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Veronese Horse Meat Stew Recipe - Pastissada de Caval


Pastissada With Polenta

Pastissada With Polenta

© Kyle Phillips, licensed to About.Com
Yes, caval means horse, and this is indeed a traditional Veronese horse meat stew, made with Amarone wine and paprika to taste -- the former local, and the latter revealing Austro-Hungarian influences from the period when the Veneto was part of the Austrian empire.
If the idea of eating horse bothers you, you can use beef instead -- it won't be quite as rich in iron, but will still be very good.

Prep Time: 35 minutes

Cook Time: 2 hours

Total Time: 2 hours, 35 minutes


  • 2 pounds (1 k) horsemeat, cut from the rump, or beef if you must
  • 2 sticks celery
  • 2-3 carrots
  • 1 large onion
  • 4 cloves
  • A dozen coriander seeds
  • 1 bay leaf
  • 1 clove garlic
  • 2 ounces (50 g) lard or porkback fat
  • 1/4 cup olive oil
  • 1 bottle full bodied, dry red wine - Purists call for Reiciotto Amarone or Valpolicella Superiore, but a less expensive red will work just as well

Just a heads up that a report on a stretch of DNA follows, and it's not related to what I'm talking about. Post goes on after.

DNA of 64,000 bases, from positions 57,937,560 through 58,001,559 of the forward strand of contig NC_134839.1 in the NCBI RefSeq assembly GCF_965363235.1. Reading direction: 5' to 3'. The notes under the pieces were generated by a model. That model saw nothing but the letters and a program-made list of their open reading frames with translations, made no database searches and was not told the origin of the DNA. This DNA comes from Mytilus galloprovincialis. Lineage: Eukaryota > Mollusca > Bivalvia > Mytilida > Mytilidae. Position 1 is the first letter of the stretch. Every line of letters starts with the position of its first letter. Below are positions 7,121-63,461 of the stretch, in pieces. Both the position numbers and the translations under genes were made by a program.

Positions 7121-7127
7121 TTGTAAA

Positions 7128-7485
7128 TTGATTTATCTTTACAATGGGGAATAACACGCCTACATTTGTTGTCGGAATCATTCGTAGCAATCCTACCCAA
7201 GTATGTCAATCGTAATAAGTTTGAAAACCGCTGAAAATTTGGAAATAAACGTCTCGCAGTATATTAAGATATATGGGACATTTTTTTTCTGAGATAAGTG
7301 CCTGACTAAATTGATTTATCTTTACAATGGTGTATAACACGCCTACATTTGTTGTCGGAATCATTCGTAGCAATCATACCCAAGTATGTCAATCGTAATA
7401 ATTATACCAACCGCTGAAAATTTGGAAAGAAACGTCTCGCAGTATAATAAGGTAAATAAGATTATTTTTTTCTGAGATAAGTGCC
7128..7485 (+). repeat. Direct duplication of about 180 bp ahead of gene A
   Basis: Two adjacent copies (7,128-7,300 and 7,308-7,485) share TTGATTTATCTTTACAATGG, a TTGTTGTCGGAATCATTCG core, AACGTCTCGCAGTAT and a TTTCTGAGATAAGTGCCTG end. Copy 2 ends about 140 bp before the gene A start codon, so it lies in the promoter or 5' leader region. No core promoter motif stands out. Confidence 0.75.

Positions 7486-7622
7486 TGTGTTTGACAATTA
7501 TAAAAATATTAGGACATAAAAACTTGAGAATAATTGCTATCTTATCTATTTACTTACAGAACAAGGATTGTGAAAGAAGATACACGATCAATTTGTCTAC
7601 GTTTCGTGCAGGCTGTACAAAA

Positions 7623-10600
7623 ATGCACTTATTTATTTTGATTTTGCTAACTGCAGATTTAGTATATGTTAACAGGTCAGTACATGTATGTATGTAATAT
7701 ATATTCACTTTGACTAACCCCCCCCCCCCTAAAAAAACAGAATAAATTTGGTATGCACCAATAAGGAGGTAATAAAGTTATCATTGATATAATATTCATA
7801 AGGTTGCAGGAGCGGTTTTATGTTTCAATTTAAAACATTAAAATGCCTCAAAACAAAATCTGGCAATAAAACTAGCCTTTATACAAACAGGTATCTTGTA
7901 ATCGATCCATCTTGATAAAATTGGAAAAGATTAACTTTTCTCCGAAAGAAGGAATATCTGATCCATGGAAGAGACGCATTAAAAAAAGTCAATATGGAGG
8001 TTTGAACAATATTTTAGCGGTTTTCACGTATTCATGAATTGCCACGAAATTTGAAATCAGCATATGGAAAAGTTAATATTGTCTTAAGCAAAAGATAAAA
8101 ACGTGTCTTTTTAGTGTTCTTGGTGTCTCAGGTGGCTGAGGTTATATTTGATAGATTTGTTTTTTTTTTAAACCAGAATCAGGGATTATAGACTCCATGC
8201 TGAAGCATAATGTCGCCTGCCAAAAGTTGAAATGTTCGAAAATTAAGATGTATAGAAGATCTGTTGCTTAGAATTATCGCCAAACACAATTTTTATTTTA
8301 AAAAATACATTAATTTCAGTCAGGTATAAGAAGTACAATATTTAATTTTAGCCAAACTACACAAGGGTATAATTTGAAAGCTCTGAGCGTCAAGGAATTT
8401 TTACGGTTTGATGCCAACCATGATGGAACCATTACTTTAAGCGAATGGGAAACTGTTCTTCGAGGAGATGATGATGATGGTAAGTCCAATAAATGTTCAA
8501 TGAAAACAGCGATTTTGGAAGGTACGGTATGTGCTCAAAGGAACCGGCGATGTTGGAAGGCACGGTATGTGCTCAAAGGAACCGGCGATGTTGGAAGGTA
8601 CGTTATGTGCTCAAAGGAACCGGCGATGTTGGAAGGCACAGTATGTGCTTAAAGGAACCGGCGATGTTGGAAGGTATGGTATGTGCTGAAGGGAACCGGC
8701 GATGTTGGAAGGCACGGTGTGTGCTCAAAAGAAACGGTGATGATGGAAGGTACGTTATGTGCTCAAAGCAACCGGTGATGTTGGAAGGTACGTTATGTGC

• Salt & Pepper to taste
  • 1 tablespoon butter kneaded in flour
  • Flour
  • Paprika to taste (2-3 tablesoons, not too strong)


Lardoon the meat with the lard and slivers of carrots. Dice the other vegetables and put them with the meat and the spices except the paprika in a bowl; pour the wine over everything, cover and marinate in the refrigerator for three days, turning the meat occasionally.

Pat the meat dry (reserve the vegetables and the marinade), flour it, and brown it in the oil, in a pot over a brisk flame. Add the vegetables, and when they've cooked for a few minutes, pour the marinade over the meat. Reduce the heat to a simmer and cook for about three hours. Once the meat is done, remove it to a platter and blend the sauce.

Return the sauce to the fire, thicken it with the butter-flour ball, and season it to taste with paprika. Pour the sauce over the meat and serve, with polenta and the side dishes you prefer.

The wine? Amarone or Valpolicella Superiore, or a Cabernet-Merlot blend along the lines of Valcalepio.

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